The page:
So after committing to myself three weeks in a row to visit and finding an excuse to let myself off the hook each week, I finally went. I threw some nice clothes in a backpack, left more than an hour early on my first day off in ages, walked the three miles into the city (since I didn’t have a car), changed clothes in a gas station bathroom, and hurried down the road to the meeting place. I arrived two minutes early and panicked. “What kind of an impression will it make to rush in at the last minute???” So I turned around and walked the three miles home. After worrying all the way to the meeting, I despaired all the way home.
Doesn’t all seem like that big a deal, I know, but sometimes the little scary steps are the hardest. Especially when you’re just getting started. Practicing self-control and self-direction isn’t easy. The next week I left an hour and a half early and waited in the meeting room for twenty minutes before anyone showed up. Following that nerve-racking meeting one of the club members invited me to his beautiful home for a wine and cheese party with several other business owners and invited me to join his small business.
Taking the risk of embarrassment, controlling myself when I really didn’t feel like doing something scary–it was a big step in my own “social mobility.” I’ve told all my former co-workers about Toastmasters–about all the professionals you can meet, all the connections you make, all the help they offer. They think it’s scary–of course! Everyone is self-conscious when they first go to Toastmasters! They say, “yeah, I should try that.” But they never do. Because it’s a lot less scary to just go buy another 6-pack and watch more football.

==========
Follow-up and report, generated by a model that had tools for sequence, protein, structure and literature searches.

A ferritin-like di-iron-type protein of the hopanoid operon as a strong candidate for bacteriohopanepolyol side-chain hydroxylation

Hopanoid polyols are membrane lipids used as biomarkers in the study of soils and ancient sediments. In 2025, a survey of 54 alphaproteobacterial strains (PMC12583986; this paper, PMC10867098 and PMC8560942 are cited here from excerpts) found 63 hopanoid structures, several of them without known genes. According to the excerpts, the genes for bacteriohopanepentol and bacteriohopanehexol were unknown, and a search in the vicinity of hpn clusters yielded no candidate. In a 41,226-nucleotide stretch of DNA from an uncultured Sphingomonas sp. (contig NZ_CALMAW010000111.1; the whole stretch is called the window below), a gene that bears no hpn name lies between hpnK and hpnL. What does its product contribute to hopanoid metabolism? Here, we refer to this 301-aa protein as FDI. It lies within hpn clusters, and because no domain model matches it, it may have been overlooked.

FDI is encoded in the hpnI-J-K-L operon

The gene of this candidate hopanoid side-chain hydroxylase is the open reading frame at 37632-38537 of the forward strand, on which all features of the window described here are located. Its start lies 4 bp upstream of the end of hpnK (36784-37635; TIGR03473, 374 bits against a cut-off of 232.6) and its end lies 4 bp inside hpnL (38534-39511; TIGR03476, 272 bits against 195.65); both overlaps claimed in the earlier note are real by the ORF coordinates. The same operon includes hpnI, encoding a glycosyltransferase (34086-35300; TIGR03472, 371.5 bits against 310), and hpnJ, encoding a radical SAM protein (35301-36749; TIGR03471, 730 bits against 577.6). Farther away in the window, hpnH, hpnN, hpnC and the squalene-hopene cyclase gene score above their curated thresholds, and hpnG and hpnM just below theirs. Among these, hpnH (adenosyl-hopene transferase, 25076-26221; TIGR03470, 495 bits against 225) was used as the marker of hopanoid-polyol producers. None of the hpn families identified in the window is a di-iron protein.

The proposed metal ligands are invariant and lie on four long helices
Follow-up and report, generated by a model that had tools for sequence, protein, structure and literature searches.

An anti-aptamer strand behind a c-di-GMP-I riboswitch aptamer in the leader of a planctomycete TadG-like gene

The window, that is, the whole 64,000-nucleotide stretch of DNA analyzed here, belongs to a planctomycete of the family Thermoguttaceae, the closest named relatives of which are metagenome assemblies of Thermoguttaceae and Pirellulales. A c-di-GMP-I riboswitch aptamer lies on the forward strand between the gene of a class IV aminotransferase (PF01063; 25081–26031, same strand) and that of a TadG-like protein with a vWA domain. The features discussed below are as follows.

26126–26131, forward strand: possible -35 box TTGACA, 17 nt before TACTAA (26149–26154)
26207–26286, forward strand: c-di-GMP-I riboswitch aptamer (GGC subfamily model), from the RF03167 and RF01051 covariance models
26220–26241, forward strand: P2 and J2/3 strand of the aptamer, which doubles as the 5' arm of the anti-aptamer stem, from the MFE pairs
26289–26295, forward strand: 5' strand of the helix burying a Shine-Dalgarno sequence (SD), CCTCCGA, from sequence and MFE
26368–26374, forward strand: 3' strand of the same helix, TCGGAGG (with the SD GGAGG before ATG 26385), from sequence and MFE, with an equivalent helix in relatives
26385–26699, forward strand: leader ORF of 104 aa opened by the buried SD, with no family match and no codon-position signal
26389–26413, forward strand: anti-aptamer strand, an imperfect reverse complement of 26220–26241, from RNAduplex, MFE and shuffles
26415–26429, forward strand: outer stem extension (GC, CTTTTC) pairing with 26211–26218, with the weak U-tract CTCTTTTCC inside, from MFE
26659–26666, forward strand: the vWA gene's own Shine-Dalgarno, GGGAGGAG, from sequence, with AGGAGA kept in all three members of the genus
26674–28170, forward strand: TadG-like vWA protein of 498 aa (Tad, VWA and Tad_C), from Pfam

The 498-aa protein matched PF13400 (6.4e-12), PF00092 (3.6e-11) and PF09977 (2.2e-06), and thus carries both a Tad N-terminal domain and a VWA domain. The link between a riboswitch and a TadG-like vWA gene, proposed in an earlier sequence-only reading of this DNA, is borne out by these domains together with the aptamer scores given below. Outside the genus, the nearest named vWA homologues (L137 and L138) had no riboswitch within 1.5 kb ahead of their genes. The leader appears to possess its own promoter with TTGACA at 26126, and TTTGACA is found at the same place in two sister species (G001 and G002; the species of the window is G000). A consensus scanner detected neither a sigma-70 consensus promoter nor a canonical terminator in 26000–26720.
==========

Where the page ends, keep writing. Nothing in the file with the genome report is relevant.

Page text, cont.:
[Shameless plug: If you live in the Twin Cities area, come visit our awesome Toastmasters club 12:05-1:00 every Wednesday in Apple Valley! Here are directions.]
If you have self-control with your emotions, your money, your work-ethic, your habits, and more, you absolutely can make progress.
2. Courage: Here’s a big one. I’ve learned to ask for help. It was asking for help that got my foot into the door of the financial industry where I’m now working and learning lots and even happier than before. But admitting you need help and asking for it are scary things. One thing most professional-development leaders have realized is that the ability to ask for and receive help is very high on “wealthy” people’s lists of what made them successful. Of course there are many more things, but I mention this particularly because it’s one that the “underclass” just will not accept. I’ve been more shocked by this than almost anything else.